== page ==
Perhaps in a nod to its Spanish speaking majority, the Catholic Church today announced that Jorge Mario Bergoglio of Argentina is its new pope.
He will apparently go by the name of Pope Francis I.
So is this guy the church's first Latino pope?
That's like asking if L.A. mayoral candidate Eric Garcetti is Latino (he insists he is, pointing to his family's time in Mexico).
Argentinians are often of pure Italian blood, and Bergoglio's name certainly points to that.
The question is, how do you define Latino? Does a Latino have to have indigenous blood?
Anyway, the guy speaks Spanish, Italian and German and is, at the least, the first pope from Latin America and the New World.
[Update at 12:58 p.m.]: Raul Hinojosa-Ojeda, associate professor at UCLA's Cesar E. Chavez Department of Chicana/o Studies, votes no doubt when it comes to the question of whether Bergoglio should be considered the church's first Latino pope.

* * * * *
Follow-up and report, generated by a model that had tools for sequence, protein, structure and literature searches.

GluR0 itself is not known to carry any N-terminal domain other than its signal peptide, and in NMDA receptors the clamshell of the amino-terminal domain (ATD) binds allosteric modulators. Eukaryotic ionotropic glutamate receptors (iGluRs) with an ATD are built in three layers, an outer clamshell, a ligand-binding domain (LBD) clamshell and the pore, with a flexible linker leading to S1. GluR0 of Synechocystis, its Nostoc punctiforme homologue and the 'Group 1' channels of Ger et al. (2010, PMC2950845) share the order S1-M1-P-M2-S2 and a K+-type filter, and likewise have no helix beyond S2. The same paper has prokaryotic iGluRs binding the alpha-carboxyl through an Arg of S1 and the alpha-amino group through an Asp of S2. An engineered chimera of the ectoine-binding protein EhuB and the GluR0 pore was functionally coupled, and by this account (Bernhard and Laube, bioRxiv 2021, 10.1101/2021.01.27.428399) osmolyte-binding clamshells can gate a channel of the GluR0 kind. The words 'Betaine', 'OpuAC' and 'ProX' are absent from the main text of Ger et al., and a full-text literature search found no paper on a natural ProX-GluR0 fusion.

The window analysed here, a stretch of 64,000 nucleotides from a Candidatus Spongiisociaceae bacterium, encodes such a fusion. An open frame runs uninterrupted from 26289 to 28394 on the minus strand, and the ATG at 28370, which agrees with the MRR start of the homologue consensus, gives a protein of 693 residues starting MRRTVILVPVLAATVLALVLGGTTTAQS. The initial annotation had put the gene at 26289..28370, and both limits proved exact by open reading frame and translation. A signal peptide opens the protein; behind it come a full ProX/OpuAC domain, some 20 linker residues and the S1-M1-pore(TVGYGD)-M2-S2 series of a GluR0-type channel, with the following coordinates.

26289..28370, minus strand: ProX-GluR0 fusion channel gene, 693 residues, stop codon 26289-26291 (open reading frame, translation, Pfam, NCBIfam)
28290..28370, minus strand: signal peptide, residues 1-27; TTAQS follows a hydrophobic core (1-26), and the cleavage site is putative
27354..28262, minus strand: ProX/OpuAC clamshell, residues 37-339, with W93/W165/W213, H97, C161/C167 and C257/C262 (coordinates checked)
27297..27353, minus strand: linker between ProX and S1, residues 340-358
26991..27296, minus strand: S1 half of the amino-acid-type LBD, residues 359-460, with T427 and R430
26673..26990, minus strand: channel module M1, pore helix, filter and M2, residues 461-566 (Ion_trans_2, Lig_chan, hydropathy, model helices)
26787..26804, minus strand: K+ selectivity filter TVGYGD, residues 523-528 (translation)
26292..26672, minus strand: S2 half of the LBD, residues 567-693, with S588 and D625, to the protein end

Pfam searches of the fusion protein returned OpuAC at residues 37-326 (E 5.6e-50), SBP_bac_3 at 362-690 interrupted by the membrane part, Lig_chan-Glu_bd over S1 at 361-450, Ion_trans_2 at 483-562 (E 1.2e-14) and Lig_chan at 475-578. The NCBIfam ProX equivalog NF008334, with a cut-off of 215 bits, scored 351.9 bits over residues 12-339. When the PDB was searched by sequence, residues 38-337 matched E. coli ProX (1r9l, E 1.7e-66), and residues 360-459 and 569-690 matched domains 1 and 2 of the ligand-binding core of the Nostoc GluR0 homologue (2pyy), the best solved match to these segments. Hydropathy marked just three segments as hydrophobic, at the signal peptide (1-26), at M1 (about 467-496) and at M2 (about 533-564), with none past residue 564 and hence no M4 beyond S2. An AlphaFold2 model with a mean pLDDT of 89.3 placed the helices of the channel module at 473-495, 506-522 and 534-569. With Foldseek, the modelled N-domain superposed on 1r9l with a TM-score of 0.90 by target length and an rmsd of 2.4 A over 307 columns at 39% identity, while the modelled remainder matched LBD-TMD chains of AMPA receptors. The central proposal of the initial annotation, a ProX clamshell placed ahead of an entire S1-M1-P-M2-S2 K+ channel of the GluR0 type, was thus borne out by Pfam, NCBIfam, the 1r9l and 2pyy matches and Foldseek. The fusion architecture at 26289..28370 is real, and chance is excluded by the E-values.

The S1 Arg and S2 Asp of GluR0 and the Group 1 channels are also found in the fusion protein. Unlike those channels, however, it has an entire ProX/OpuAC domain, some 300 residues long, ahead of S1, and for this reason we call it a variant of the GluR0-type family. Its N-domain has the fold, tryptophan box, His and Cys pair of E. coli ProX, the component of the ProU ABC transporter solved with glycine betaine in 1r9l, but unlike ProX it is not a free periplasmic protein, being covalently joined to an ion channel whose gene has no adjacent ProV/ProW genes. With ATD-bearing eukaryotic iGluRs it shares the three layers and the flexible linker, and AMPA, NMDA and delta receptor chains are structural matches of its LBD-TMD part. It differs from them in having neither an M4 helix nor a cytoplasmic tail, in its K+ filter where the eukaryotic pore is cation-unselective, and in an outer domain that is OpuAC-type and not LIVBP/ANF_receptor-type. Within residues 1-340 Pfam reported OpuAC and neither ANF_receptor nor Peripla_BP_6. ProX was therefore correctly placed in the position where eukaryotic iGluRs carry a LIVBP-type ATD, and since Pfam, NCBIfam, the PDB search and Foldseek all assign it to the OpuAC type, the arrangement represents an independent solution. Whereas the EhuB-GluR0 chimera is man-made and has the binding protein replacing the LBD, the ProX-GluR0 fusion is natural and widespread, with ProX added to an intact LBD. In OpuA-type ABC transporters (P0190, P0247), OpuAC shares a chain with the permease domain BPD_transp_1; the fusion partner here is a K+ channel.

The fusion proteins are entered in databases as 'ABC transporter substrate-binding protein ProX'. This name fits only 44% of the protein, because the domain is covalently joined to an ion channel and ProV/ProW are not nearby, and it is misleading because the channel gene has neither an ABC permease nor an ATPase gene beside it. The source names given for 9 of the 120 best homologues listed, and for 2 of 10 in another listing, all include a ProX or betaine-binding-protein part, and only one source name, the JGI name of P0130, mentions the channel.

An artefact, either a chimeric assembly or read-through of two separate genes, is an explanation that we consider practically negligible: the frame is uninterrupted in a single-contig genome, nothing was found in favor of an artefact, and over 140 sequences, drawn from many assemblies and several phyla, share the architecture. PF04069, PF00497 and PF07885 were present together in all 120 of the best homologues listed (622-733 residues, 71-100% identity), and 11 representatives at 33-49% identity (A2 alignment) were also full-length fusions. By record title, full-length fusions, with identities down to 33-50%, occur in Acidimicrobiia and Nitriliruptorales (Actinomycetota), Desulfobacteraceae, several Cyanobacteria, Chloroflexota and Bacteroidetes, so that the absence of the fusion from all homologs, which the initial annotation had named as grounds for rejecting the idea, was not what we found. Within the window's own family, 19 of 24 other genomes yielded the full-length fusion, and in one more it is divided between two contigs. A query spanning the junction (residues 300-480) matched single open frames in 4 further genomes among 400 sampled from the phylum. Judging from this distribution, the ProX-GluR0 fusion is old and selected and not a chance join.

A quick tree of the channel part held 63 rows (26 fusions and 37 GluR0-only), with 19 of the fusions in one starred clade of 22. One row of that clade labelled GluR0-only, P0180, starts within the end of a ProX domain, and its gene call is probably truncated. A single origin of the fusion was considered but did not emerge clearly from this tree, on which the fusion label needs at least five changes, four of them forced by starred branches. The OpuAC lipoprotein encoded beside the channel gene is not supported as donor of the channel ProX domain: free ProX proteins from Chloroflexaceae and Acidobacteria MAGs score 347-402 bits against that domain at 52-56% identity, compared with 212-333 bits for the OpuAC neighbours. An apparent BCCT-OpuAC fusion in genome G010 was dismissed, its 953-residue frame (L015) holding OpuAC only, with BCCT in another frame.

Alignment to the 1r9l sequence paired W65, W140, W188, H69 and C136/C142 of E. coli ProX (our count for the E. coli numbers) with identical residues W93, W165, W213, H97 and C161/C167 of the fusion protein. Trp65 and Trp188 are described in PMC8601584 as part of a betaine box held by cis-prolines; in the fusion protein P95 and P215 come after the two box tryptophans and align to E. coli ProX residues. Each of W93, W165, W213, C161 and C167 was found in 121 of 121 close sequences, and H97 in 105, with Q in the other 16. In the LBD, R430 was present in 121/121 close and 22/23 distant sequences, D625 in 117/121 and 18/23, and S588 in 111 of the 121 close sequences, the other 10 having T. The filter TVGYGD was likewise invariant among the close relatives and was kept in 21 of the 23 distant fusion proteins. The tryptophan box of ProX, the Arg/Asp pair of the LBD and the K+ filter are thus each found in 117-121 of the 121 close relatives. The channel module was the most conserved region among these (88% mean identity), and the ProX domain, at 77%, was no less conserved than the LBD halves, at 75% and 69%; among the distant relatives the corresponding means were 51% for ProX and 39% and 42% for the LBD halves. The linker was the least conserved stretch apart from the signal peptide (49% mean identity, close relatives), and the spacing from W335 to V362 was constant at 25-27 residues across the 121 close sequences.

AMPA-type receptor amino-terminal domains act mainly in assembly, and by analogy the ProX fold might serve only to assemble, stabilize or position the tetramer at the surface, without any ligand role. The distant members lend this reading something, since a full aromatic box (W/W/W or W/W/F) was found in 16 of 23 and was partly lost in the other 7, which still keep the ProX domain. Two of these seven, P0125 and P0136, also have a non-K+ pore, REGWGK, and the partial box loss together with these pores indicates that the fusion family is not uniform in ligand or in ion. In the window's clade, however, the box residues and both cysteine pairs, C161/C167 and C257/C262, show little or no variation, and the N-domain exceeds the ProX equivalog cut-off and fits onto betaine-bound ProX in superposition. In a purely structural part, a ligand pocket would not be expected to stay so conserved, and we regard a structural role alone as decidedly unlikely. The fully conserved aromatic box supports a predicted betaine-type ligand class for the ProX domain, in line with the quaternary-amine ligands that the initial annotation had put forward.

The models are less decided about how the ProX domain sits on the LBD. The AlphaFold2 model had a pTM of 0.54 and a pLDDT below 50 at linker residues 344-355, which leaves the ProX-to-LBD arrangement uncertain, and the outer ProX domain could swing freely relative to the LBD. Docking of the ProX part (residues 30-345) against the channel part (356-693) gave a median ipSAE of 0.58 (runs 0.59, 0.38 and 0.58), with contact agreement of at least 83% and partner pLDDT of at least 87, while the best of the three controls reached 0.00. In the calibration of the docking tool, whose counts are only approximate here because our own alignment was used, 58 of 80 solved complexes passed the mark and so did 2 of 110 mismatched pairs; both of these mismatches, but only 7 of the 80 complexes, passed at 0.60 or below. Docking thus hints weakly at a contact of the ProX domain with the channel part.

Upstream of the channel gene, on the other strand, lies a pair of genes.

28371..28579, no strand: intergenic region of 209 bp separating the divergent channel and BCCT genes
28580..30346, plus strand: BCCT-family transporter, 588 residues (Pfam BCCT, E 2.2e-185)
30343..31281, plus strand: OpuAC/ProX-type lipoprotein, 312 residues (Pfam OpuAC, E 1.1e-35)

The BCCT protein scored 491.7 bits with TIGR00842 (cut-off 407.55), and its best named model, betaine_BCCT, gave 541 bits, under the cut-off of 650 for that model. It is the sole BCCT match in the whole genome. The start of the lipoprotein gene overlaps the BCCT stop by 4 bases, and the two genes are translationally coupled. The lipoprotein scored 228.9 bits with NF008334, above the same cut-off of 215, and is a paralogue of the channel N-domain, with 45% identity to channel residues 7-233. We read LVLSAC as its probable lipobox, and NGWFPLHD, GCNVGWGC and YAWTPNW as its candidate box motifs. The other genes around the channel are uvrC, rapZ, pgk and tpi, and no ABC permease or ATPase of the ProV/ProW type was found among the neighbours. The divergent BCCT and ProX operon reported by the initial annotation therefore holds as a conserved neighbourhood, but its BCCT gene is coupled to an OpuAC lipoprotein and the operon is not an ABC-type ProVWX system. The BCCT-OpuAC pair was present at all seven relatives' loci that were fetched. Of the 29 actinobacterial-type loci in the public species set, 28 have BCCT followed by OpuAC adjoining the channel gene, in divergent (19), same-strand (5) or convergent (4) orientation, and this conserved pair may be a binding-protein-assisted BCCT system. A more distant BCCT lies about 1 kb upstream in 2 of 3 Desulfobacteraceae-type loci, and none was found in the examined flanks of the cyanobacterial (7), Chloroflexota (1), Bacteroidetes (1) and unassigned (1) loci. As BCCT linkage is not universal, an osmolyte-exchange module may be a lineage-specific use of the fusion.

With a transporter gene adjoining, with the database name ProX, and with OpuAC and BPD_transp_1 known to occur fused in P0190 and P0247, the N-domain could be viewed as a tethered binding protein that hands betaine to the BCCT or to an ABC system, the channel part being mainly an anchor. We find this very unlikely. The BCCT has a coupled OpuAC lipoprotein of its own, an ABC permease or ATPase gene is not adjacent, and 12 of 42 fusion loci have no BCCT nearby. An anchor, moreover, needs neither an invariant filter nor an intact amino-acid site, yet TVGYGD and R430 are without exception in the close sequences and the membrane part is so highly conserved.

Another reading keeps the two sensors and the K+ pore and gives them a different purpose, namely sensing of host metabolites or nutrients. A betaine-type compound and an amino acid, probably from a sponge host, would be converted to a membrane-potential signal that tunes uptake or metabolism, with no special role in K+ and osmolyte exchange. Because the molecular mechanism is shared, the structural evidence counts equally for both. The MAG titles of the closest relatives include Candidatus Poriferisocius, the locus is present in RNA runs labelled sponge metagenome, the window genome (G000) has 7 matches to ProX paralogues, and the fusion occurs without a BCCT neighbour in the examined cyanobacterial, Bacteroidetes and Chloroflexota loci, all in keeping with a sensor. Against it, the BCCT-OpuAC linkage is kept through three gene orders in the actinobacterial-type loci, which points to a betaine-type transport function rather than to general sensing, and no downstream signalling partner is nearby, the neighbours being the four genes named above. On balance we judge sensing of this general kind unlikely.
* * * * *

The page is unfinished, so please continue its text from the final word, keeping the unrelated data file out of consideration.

“Yes,” he says. “We can consider him Latino in various respects.”
He says using a test of indigenous blood — the pope's parents are from Italy — “would eliminate a large part of Latin America and a lot of Latinos.” (Salma Hayek and world's-richest-guy Carlos Slim of Mexico might not be considered Latino if indigenous blood were used as the litmus test).
“More important,” Hinojosa-Ojeda says, “is the experience, not the genetic background.”
He said the conclave was clearly conscious of Bergoglio's Latin American roots when it elevated him today:
It's part of a zeitgeist. I definitely think that the Vatican and Latin Americans and Latinos in the United States are considering this absolutely a move toward recognizing the importance of Latino Americans and Latinos in the global church.